Warren County Hospice hosts guest speaker

Times Observer photo by Lorri Drumm Hospice of Warren County held a celebration of 40 years of providing care on Monday. The event was marked with dinner, dessert and speakers. Dr. Ric Baxter was the guest speaker at the event.

Dr. Ric Baxter, a national leader in Hospice and palliative care, shifted gears multiple times on Monday as he pedaled to the Warren area to celebrate a milestone and spread his message of shifting from a negative perception of the end of life to a positive experience.

Hospice of Warren County held a celebration of 40 years of providing care on Monday. Baxter was the guest speaker at the event.

Baxter left his home in Bethlehem, Pa. on Sept. 2 to kick off a bicycle tour the length of the state to raise awareness of end-of-life care. It has been deemed the “Don’t Wait Tour.” The total distance of the tour is 1,056 miles.

Baxter told the crowd gathered on Monday evening that he listened to himself. “I took a look at my own life,” he said. “I’m 68. I’m not retiring. Taking time off isn’t something I do easily.”

“I don’t sit well. I like to do things. I own a bicycle,” he said. “Taking a month off is something I’ve never done but, I thought, don’t wait. Do it now.”

Times Observer photo by Lorri Drumm Hospice of Warren County held a celebration of 40 years of providing care on Monday. Dr. Ric Baxter, a national leader in Hospice and Palliative Care, was the guest speaker at the event.

He spent most of his career as a family physician. “I got into Hospice gradually,” he said. He currently works for St. Luke’s University Health Network. During his career, he has had a multitude of patients and family members ask him when to take certain steps related to their care. He said he tells them, “Don’t wait. Nobody knows what tomorrow is going to look like.”

Baxter said many of the questions raised to him stem from a fear of death and misperceptions of end-of-life care. He recalled a question posed to him from a woman he’d never met before.

He was out to dinner with people he didn’t know. “The woman across from me looked at me and said, ‘so, what do you do?'” he said. He replied that he was a Hospice and palliative care physician. “Oh, that must be so hard,” the woman replied. “No, I really like what I do,” Baxter told the woman. Baxter praised the work done by many staff in end-of-life care. “It’s important and meaningful,” he said. “I feel good about what we do.”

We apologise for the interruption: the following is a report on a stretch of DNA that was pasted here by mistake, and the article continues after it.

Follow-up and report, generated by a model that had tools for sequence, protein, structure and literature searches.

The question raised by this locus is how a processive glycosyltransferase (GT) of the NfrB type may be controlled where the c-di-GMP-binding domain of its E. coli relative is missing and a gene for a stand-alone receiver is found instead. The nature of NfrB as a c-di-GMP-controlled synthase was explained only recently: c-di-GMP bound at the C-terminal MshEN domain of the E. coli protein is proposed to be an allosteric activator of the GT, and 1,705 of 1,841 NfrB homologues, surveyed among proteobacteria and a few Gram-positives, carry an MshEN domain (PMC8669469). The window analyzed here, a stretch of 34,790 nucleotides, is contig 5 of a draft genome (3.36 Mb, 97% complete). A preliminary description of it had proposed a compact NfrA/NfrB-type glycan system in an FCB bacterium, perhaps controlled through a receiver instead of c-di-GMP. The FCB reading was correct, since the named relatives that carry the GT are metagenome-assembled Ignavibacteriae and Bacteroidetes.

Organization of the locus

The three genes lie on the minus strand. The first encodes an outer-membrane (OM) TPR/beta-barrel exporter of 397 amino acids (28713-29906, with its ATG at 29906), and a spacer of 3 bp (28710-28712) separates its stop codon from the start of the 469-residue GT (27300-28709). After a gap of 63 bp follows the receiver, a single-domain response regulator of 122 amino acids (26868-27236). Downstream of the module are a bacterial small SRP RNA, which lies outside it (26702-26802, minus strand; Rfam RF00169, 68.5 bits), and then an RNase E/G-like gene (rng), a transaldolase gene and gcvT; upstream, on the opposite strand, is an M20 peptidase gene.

As Baxter spreads his “Don’t Wait” message, he also serves as a resource to help people understand what palliative care and Hospice care provide.

Doctors can provide treatment to seriously ill patients in the hopes of a cure for as long as possible. These patients may also receive medical care for their symptoms, or palliative care, along with curative treatment.

Palliative care is a resource for anyone living with a serious illness. Palliative care can be helpful at any stage of illness and is best provided from the point of diagnosis.

In addition to improving quality of life and helping with symptoms, palliative care can help patients understand their choices for medical treatment. The services available through palliative care may be helpful to any older person having a lot of general discomfort and disability very late in life. Palliative care can be provided along with curative treatment and does not depend on prognosis.

At some point, it may not be possible to cure a serious illness, or a patient may choose not to undergo certain treatments. Hospice is designed for this situation. The patient beginning hospice care understands that his or her illness is not responding to medical attempts to cure it or to slow the disease’s progress.

During Monday’s celebration, former Hospice Director Elsa Redding, who served from 1985 to 2013, noted many changes but one constant — the commitment of the staff, volunteers and supporters throughout the years.

Current Executive Director Lisa To, acknowledged her “great fortune in following Elsa” and expansions of bereavement services and establishment of the Schorman Center.

As To introduced Baxter to the crowd, she noted the impressive distance of Baxter’s first long-distance bicycle tour. “He’s doing it by bike. And he’s not even running for office,” she joked.

Baxters tour includes stops in Erie, Meadville, and Franklin. “I’m getting the chance to see communities and stay in people’s homes,” he said. “Now people are being connected through a stream of stops.”

Along the way, he will visit other hospice houses, hospitals and medical schools, where he will share words of inspiration and insights from his decades of experience providing end-of-life treatment.